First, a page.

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Last Updated on: 13th October 2023, 08:21 pm
Divorce can be an emotionally difficult process under the best of circumstances. But when domestic violence is present within the marriage, the situation becomes much more complex for the abused spouse. They may seek a protective order, also called a restraining order, against the abusive partner prior to filing for divorce. So how exactly does obtaining a restraining order against a spouse work, and can it be used as evidence in the divorce itself? Let’s take a closer look.
A protective order, also referred to as a restraining order, is a court order issued to protect one family member from violence or harassment by another family member. It prohibits the abusive individual (the respondent) from further acts or threats of violence against the petitioner and other protected parties, such as children.Protective orders can include provisions such as:
Violating the terms of a protective order is a criminal offense that can result in fines or jail time.
Obtaining a Protective Order
To obtain a protective order, the petitioner must file a petition with the family court and appear before a judge to explain why they fear for their safety from the respondent. This usually requires describing a recent incident of violence or threats.If the judge agrees, they will issue a temporary protective order effective immediately. A hearing date is then set for both parties to return to court, where the judge will decide whether to dismiss the order or make it permanent.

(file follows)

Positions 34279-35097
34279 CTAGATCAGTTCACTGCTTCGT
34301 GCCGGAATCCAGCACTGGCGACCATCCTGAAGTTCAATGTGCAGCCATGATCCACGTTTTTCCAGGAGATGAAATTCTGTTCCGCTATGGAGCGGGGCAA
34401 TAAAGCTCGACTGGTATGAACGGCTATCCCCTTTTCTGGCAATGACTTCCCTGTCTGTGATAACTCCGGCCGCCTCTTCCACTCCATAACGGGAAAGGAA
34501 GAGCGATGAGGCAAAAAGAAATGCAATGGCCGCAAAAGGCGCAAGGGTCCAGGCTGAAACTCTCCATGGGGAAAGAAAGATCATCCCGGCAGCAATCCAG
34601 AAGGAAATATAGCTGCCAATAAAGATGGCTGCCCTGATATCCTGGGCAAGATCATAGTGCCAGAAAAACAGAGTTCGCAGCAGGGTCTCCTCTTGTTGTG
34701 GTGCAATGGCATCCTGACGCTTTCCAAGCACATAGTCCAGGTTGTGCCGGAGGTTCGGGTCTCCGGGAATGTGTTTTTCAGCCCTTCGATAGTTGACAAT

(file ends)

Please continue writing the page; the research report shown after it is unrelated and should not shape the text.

The standard of proof for granting a protective order is relatively low compared to criminal cases – the petitioner typically only needs to show it’s more likely than not that abuse occurred.
While divorce in all states is now “no-fault”, meaning no proof of wrongdoing is required, abuse can still play a role in divorce proceedings.
If one parent has abused the other, this must be considered when determining custody arrangements. However, a finding of domestic violence does not automatically disqualify the abusive parent from all custody or visitation rights. The court looks at multiple factors to decide the children’s best interests.
In some states, domestic violence can affect how marital property is divided during divorce. For example, if one spouse tried to control the other by hiding assets, the victim may be awarded a larger share.
Some states presume an abusive spouse should not receive spousal support. Proving domestic violence may prevent the victim from having to financially support their abuser post-divorce.
If domestic violence played a significant role in the divorce, the abuser may be ordered to pay the victim’s attorney fees.
While a protective order does not definitively prove domestic abuse occurred, it can serve as persuasive evidence in a divorce case for several reasons:
That said, a criminal conviction related to domestic violence is generally the strongest proof for divorce proceedings. Other helpful evidence can include medical records of injuries, photographs of injuries, and testimony from witnesses.If abuse is proven, it can have a significant impact on the outcome of custody, financial and other divorce-related matters. Therefore, abuse victims should work closely with an experienced divorce attorney to gather the necessary evidence and build their strongest case.
While protective orders serve an important purpose, the relative ease of obtaining temporary orders creates potential for abuse of the system. Some spouses file dubious or exaggerated abuse claims solely to gain advantage in a divorce.
If you’ve been accused of abuse, here are some tips:
In summary, while protective orders do not establish definitive proof, they can serve as persuasive evidence of abuse in a divorce case. This can significantly impact child custody, property division, and financial matters. Accused spouses should vigorously contest any false allegations while victims should work with an attorney to gather evidence proving the abuse. As challenging as it may be, avoiding conflicts and complying with court orders is critical for both parties when domestic violence enters the equation.
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